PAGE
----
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Admiral David D. Porter, The Naval History of the Civil War., Chapter 50: Second attack on Fort Fisher. (search)
sessed by the rebels. I am, sir, very respectfully, your obedient servant, Charles Steedman, Captain. Rear-Admiral D. D. Porter, Commanding North Atlantic Squadron, Flag-ship Malvern. Report of Captain L. L. Dawson, United States Marine Corps. Marine Barracks, New York, February 15, 1865. Admiral — I have the honor to make the following report of the part taken by the marines under my command in the recent assault upon Fort Fisher: Upon landing, on the morning of the 15th of January, I found all the men that were to constitute the assaulting column on shore. There were about three hundred and sixty-five (365) men in line, exclusive of Lieutenant Fagan, who had been ordered by Captain Breese to occupy a rifle-pit off to the right, near the army advance, before I had reached the shore. I hastily divided the line into four (4) companies, under command of Captain Butler, First-Lieutenant Wallace, First-Lieutenant Corrie and First-Lieutenant Parker, giving First-Lie
Admiral David D. Porter, The Naval History of the Civil War., Chapter 52: operations about Charleston, 1865.--fall of Charleston, Savannah, etc. (search)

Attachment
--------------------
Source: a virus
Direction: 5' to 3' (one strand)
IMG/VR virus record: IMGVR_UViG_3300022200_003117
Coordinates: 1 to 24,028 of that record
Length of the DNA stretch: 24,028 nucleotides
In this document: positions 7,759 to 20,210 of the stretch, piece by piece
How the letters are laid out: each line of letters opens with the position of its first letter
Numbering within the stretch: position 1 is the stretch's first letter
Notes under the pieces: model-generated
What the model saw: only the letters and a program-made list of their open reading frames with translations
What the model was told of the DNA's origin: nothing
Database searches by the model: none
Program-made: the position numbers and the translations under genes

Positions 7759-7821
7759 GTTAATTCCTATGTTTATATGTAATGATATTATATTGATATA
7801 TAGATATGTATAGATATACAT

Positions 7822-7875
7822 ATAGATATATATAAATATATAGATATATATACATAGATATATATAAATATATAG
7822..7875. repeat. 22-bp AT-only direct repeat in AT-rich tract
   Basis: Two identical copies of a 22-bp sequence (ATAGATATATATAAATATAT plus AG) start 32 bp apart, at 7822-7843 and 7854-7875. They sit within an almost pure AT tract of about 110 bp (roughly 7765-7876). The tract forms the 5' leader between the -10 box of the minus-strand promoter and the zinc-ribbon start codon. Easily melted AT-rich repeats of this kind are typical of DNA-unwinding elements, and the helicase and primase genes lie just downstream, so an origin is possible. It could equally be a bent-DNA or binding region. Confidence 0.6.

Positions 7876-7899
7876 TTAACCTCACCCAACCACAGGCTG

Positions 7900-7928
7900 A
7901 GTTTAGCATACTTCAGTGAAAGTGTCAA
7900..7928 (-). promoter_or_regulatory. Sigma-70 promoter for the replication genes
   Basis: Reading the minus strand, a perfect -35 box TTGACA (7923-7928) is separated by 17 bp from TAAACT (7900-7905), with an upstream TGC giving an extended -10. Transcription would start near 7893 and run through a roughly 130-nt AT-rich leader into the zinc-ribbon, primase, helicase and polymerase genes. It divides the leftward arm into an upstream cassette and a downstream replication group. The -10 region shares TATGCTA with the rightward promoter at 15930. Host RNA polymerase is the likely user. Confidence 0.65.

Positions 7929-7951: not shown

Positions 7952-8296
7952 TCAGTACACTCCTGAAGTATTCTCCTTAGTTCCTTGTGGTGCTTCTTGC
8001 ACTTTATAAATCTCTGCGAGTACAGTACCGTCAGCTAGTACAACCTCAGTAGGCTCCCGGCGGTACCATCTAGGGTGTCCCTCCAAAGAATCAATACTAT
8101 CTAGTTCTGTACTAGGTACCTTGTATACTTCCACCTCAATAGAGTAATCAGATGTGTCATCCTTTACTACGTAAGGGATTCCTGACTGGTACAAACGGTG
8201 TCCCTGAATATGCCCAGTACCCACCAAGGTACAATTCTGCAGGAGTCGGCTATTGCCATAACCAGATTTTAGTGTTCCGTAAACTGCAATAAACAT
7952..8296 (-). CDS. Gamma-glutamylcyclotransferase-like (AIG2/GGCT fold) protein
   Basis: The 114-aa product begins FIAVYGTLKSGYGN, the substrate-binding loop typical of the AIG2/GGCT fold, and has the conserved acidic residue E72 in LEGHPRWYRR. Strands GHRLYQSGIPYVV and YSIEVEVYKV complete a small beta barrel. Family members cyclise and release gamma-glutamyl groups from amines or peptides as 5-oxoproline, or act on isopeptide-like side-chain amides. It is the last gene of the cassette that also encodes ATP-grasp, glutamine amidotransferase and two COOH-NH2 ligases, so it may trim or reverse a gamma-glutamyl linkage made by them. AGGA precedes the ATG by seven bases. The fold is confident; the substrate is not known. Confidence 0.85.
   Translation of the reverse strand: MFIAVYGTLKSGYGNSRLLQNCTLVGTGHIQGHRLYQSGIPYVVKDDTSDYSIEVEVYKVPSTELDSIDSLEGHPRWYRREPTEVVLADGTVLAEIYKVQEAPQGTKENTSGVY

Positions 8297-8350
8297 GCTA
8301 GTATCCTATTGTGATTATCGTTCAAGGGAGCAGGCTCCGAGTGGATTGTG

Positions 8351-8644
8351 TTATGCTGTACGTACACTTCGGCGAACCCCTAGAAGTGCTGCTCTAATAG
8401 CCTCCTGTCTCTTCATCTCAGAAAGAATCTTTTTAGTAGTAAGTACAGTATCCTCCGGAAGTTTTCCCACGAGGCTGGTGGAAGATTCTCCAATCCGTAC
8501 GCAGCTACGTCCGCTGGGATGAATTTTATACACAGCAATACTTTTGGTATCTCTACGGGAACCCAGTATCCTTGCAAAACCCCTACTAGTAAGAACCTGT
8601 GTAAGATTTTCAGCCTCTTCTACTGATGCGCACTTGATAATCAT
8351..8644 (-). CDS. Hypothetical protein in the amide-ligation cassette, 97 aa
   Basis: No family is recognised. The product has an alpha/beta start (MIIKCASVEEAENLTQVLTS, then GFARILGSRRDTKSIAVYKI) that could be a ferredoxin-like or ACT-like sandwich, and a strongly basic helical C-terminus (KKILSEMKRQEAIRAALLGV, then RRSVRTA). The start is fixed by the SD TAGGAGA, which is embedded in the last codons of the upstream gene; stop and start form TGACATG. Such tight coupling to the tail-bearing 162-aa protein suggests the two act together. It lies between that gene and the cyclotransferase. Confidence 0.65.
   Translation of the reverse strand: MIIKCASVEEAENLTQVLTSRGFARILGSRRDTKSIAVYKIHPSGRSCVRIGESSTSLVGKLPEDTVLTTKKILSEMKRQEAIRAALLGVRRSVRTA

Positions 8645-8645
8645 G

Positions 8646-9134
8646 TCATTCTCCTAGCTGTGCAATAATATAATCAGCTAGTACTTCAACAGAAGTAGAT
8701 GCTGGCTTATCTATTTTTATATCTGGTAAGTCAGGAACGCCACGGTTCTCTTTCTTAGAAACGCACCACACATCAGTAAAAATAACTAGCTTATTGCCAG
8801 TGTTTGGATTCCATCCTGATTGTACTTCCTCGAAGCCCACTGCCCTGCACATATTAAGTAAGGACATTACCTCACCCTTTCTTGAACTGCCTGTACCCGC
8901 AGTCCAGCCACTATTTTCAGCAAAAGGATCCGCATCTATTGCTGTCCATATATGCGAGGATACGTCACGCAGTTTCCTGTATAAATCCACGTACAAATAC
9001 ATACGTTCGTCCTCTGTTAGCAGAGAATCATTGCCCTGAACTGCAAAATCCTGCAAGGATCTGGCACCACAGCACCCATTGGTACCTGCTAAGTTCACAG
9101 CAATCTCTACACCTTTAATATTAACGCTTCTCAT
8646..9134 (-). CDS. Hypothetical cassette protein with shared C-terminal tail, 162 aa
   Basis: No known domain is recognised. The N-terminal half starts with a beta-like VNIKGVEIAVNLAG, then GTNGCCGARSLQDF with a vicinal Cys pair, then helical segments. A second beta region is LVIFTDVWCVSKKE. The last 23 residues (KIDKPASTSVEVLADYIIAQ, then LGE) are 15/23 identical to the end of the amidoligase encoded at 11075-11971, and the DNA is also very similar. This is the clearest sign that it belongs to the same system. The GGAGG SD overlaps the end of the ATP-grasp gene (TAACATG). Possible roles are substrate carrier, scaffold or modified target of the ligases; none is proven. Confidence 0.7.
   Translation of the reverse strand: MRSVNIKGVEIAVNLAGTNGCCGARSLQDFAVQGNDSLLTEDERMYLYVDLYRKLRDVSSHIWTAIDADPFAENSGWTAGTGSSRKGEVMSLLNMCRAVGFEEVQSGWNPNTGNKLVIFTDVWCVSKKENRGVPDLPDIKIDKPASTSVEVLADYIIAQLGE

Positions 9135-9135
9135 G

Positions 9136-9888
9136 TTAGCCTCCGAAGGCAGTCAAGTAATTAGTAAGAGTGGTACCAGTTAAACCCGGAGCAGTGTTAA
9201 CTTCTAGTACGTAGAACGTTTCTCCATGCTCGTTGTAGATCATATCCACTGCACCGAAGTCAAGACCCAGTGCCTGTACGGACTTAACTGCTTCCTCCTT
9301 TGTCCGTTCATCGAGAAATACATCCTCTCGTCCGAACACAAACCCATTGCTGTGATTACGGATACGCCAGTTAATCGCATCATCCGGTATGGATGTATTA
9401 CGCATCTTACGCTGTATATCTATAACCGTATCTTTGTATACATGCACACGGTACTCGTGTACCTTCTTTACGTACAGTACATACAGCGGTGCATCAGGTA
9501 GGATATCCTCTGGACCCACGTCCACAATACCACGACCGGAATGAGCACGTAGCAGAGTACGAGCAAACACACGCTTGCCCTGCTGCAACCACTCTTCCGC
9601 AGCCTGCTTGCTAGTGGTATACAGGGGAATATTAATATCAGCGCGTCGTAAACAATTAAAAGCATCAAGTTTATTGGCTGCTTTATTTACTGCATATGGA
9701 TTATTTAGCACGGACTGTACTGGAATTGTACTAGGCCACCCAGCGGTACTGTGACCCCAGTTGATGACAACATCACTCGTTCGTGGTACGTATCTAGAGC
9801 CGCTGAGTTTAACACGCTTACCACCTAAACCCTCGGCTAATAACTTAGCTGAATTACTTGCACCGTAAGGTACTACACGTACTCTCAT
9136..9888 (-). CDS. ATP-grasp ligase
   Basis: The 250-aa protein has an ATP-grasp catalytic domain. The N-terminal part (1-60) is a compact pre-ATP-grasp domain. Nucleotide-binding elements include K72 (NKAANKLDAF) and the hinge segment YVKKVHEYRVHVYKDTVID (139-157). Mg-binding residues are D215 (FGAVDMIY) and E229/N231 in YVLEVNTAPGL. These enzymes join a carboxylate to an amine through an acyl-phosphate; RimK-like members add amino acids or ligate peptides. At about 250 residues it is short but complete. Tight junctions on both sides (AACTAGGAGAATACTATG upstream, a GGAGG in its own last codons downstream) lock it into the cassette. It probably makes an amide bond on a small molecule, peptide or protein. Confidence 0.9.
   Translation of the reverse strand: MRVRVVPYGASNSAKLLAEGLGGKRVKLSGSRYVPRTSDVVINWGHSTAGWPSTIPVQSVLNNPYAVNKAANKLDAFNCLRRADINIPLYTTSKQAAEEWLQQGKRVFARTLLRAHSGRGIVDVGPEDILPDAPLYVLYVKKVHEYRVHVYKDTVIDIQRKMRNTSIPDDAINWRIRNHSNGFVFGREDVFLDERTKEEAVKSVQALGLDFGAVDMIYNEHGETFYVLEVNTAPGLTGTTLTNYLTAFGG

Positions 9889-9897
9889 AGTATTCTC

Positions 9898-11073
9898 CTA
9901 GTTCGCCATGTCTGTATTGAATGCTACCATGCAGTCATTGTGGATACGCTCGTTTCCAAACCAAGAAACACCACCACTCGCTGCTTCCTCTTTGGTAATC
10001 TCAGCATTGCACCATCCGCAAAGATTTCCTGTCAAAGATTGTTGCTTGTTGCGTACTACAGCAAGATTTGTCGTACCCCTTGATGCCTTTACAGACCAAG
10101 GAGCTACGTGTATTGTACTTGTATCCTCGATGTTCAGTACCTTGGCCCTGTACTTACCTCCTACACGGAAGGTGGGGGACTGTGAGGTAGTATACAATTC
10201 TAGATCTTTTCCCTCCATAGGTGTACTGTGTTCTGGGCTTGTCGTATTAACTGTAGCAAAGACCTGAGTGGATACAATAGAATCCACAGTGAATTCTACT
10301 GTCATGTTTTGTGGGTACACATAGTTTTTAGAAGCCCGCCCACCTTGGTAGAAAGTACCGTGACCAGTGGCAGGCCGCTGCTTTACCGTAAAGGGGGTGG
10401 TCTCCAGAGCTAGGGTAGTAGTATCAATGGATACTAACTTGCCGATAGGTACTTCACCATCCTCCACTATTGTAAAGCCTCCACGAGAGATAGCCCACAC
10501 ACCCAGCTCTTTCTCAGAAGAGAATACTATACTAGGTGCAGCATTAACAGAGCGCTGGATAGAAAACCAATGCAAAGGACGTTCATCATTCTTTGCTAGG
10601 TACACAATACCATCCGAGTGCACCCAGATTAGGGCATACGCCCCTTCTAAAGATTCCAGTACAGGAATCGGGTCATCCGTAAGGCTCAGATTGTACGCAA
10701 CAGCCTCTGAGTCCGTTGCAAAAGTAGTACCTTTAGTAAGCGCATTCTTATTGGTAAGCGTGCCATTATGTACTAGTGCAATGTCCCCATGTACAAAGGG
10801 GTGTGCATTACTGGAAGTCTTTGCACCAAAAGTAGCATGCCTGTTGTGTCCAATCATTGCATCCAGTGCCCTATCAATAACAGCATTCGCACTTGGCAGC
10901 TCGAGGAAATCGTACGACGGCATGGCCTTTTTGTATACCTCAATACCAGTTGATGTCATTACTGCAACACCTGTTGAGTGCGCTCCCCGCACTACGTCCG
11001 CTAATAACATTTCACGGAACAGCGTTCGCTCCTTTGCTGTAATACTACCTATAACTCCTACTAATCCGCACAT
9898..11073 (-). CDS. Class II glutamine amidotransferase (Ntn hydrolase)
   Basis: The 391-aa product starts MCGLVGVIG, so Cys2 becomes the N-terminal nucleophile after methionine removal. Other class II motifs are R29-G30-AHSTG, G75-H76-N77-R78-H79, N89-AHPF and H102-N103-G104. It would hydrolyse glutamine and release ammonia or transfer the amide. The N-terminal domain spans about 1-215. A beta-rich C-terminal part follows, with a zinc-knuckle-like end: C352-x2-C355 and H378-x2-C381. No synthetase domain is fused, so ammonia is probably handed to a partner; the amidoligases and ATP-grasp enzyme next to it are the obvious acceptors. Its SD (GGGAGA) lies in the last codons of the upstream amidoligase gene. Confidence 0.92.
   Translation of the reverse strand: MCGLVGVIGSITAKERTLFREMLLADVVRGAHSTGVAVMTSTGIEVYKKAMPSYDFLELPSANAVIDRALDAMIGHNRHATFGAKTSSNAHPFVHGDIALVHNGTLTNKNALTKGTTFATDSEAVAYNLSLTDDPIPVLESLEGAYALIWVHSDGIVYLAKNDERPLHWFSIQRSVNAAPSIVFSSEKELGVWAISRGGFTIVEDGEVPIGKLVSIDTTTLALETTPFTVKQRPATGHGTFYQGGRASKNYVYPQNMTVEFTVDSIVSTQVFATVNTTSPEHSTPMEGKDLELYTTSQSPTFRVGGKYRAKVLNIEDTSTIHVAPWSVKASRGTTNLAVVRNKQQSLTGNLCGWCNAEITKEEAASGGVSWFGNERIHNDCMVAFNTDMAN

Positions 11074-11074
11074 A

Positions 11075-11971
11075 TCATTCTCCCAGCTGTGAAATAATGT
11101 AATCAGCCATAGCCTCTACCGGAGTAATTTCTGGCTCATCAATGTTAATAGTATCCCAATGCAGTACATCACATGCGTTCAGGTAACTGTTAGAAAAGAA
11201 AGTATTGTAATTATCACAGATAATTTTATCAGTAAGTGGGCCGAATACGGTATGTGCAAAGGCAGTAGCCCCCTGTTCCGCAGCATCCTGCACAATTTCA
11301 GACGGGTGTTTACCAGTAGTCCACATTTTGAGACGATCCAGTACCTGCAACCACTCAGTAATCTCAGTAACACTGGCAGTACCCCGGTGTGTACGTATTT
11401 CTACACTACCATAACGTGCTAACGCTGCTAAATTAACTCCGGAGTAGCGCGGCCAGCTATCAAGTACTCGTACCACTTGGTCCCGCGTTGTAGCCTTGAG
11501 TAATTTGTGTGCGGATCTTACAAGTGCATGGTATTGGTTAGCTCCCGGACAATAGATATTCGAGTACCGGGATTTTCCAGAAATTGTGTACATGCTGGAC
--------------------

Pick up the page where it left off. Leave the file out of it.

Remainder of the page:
ce, when this was suspected, an order was given to put down several lines of them. Woods and Thompson placed sixteen (16) of them in the vicinity of the rope obstructions, between Sumter and Moultrie, and seven (7) at the entrance of the Hog Island Channel. Others were directed to be laid down from Fort Johnson to Castle Pinckney, which seems to have been deferred until the attack began. One of those near the obstructions was encountered by the Monitor Patapsco, on the night of the 15th of January, when, in the expectation of co-operating with General Sherman, I had ordered a vigorous effort to be made to remove the rope obstructions, and the picket Monitors covered the boats so engaged. It seems that the work of placing these torpedoes had been completed that very night, and the Patapsco went down, with two-thirds of her crew, almost immediately on being struck, being at the time about six hundred (600) yards from Sumter. Immediately after entering the harbor of Charleston